PO43- . A litmus paper was used as an indicator to check if is either strongly basic or acidic. Neutralize with 1 mole dm-3 if acidic , or 1 mole dm-3 HNO3 if basic, then about 1 -2 cm3 of 0.25 mole dm-3 (NH4)2MoO4 solution was added warm in water bath and look for the formation of bright yellow precipitate.

NH4+ . 3 cm3 sample of water was placed into a boiling tube. 10 drops 20% of sodium hydroxide solution and an anti- bumping chips were added then boiled.

NO3- . emission of ammonia indicated an ammonium salt. 5mg Devarda's alloy was added after boiled off all the ammonia and then was boiled again. Emission of ammonia at this stage indicates nitrate.

Test for ammonia :


A drop of conc. HCl carried by the pipette to the mouth of the tube.

A piece of filter paper soaked in mercury(I) nitrate solution.

Results :

Table 1 : observation of various ions in the test

Type of water


Standard solution

Tap water

Lake water


Litmus paper turn red to blue.

Light yellow to orange precipitate.

White precipitate formed.

Litmus paper turn red to blue.

White crystals formed after boiled.

White precipitate formed.

Litmus paper turn red to blue.


White crystalline precipitate formed.

White crystalline precipitate formed

No precipitate formed


Light yellow to dark blue solution.

Dark blue precipitate formed

Light yellow solution.

No precipitate


Light yellow to brown solution.

Dark blue precipitate formed

Yellow solution.

Solution change to pale yellow


Solution turns from light yellow to cloudy .

Under sunlight, grayish and purplish precipitate formed.

Solution turns colorless to cloudy .

Under sunlight dark purplish precipitate formed.

Solution change to grey under sunlight.


Solution change from light yellow to orange.

Bright orange precipitate formed.

Litmus paper turns blue to red

No change in litmus paper.

Yellow solution after added (NH4)2MoO4.

Bright yellow after warmed.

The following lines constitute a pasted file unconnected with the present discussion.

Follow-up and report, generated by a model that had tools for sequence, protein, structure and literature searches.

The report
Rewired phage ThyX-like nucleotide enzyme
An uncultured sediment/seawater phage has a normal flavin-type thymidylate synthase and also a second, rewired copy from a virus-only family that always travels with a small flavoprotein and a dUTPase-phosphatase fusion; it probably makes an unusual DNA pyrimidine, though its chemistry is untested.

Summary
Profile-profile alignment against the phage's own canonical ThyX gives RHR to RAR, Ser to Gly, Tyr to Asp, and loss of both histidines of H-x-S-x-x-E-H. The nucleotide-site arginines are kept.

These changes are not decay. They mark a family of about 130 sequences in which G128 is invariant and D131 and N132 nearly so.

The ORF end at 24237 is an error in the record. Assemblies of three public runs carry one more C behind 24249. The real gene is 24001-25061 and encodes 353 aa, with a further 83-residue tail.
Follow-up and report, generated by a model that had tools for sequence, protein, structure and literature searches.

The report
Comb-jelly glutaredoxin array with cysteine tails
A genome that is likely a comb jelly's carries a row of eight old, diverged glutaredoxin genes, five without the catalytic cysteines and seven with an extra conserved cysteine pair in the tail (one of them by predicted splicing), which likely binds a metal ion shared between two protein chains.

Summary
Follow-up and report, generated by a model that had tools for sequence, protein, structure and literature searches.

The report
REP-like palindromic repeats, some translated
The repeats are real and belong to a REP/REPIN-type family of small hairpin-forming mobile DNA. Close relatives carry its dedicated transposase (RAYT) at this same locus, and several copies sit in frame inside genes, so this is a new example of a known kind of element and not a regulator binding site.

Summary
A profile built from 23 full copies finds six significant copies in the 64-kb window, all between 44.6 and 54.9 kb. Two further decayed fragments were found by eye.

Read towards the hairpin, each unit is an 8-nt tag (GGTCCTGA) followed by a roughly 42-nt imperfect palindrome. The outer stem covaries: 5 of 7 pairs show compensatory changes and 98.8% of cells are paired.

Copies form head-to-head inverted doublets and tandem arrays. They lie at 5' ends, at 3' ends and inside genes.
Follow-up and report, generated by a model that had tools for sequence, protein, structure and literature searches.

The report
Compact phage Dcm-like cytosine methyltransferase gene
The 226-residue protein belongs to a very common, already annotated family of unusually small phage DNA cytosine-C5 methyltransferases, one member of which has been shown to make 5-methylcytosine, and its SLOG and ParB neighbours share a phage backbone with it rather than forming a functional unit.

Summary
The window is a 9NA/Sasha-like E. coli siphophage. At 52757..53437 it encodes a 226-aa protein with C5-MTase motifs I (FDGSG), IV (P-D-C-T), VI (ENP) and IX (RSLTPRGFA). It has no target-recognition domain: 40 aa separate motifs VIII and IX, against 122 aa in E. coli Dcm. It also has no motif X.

No precipitate.

Colorless solution.


Yellow precipitate formed

Wet litmus turn red to blue

No change in litmus paper.

Litmus paper turns red to blue.

Bubble released.


Effervescence occurs.

Wet litmus paper turns red to blue.

No changes to litmus paper.

Litmus paper turns red to blue.

Effervescence occurs.

Discussion :

Chemists have developed many tests for the identification of ions found in water. Several such tests will be used in this lab to determine if certain ions are present in an unknown sample, tap water sample and natural water sample. These ions are detected by the formation of a new colour or a precipitate (ppt) when special reagents are added to the water such as NH4Cl , (NH4)2C2O4 , potassium hexacynoferrate(II) and (NH4)2MoO4. For standard solution , this solution contains all the ions which we will test to familiarize with the test and by this we can observe and compare accurately. For calcium ion test both tap water and lake water the litmus paper change from red to blue colour indicates alkaline solution. Only lake water contain calcium ions because of the formation of white precipitate after react with NH4Cl and (NH4)2C2O4. precipitating agent for Ca2 + is the oxalate anion, C2O42-. A series of reactions, starting with eq. 1, occurs. The solution starts off being acidic with undissociated oxalic acid, H2C2O4. In this form, the calcium ion will not be precipitated. However, upon heating, the urea, (NH2)2CO, slowly decomposes to form -OH, which in turn, neutralizes the oxalic acid to liberate the oxalate anion. Precipitation occurs slowly allowing for slow crystal growth, hence larger and purer crystals develop.